Lately Kovalski has been focusing on banks that seem to be prime candidates for takeovers. Acquirers often pay premium prices to purchase solid banks. During the financial crisis, merger activity slowed. But since then, the volume of activity has increased. Kovalski says that about 50 banks are taken over each quarter.

Many institutions are selling themselves because it has become difficult for small institutions to cover the costs of complying with new regulations. "A small community bank may have to hire an additional person to handle compliance issues, and that can be a difficult burden" says Kovalski.

A favorite holding is Southern National Bancorp of Virginia ( SONA), which has 19 branches in Virginia and Maryland. The bank has been expanding by acquiring branches of troubled competitors. Kovalski figures that the bank could be an acquisition target. The company is headed by a husband-and-wife team who earlier built up another bank and sold it.

Another way to benefit from a rise in bank shares is by holding Oakmark I ( OAKMX), a large blend fund that has 28% of its assets in financial shares. During the past five years, the fund returned 11.% annually, outperforming the S&P 500 by more than 4 percentage points. The fund's top holdings include JPMorgan Chase ( JPM) and Wells Fargo ( WFC).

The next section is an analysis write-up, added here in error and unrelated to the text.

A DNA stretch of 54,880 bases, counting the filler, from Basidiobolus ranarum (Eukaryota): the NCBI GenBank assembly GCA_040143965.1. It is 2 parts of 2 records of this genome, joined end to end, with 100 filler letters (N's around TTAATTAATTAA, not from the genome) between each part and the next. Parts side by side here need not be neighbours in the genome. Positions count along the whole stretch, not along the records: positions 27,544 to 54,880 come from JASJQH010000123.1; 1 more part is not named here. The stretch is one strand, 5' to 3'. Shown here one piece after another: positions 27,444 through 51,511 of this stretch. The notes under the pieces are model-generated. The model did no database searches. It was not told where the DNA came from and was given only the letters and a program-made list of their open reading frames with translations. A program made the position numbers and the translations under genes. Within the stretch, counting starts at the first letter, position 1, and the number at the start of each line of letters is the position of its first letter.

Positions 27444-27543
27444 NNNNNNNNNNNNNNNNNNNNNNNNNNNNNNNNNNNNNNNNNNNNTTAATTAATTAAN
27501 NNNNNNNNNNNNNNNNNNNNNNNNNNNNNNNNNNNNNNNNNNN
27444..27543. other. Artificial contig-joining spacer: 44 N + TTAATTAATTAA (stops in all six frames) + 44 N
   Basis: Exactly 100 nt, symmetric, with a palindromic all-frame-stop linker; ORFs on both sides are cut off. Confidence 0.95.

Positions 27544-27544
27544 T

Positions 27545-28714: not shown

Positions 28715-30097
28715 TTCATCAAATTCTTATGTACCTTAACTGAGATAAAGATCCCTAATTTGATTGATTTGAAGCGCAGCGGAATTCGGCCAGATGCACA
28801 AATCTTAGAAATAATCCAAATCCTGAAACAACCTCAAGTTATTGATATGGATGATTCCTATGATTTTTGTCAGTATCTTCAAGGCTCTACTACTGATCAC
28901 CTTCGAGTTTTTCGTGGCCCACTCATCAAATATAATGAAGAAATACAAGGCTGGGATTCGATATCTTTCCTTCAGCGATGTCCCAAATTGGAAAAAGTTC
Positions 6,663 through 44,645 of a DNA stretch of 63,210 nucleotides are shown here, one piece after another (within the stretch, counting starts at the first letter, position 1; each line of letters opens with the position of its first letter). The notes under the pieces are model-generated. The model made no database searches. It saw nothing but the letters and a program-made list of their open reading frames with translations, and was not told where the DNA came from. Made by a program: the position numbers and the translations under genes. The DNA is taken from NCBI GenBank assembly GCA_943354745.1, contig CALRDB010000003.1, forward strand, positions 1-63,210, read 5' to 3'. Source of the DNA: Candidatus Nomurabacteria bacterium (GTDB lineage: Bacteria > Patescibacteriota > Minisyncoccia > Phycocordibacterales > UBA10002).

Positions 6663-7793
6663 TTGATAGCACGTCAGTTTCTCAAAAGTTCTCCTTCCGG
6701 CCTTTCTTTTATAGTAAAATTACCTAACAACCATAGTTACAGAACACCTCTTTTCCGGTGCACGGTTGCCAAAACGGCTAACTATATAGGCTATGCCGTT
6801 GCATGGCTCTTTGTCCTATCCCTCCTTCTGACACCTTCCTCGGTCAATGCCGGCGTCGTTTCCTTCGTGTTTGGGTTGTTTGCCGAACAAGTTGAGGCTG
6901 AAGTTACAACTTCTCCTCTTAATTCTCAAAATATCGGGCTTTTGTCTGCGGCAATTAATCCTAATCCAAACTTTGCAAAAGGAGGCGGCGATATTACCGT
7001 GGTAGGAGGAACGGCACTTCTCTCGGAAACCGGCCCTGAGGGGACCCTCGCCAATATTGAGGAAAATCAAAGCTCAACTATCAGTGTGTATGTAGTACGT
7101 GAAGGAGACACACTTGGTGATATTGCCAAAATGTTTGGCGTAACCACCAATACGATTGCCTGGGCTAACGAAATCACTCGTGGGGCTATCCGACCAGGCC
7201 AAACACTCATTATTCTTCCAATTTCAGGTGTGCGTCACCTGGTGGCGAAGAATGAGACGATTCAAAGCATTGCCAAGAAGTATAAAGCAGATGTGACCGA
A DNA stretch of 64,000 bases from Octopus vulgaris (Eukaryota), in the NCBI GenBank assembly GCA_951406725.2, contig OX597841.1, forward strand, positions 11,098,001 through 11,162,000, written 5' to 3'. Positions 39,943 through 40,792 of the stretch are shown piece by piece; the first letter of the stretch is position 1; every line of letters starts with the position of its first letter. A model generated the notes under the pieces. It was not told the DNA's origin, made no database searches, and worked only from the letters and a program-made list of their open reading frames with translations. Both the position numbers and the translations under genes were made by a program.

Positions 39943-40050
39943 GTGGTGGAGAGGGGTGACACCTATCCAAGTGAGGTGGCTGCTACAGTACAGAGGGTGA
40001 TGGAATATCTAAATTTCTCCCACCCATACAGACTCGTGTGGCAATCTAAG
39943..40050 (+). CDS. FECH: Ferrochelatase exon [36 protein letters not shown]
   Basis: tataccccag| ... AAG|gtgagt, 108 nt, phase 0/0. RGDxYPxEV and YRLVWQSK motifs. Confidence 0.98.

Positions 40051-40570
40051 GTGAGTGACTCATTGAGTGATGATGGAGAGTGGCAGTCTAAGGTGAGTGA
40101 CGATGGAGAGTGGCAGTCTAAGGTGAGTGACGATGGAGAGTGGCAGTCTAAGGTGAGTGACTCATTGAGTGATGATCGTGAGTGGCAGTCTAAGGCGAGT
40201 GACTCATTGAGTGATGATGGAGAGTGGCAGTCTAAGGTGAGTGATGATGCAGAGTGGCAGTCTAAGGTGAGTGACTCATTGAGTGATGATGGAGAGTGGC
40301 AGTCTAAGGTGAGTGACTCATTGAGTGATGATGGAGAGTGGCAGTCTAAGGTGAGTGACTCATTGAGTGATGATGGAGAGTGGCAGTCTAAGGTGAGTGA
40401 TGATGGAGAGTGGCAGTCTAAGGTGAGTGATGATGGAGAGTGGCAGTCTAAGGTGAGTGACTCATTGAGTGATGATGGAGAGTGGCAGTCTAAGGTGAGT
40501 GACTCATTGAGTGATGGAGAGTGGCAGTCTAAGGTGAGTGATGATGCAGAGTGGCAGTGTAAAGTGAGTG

Portfolio manager Bill Nygren looks for growing companies that sell for discounts of at least 40% to their fair values. Nygren is particularly keen on Bank of America ( BAC).

"The company has gotten off the critical care list and is now a sustainable business," he said last week in a talk at the Morningstar Investment Conference in Chicago.

Nygren said that Bank of America has a solid balance sheet, but that the shares sell for only 70% of book value. He said that investors are wary because they fear that the volume of loans cannot increase in the sluggish economy. But Nygren said that the company can produce solid profits, even if the revenue does not increase. "At today's prices, they will have enough capital to buy back 10% of their shares each year," he said.

With the buybacks, the company could reduce the number of its shares outstanding. That would increase earnings per share and help to boost the stock price.

This article was written by an independent contributor, separate from TheStreet's regular news coverage.
Stan Luxenberg is a freelance writer specializing in mutual funds and investing. He was executive editor of Individual Investor magazine.

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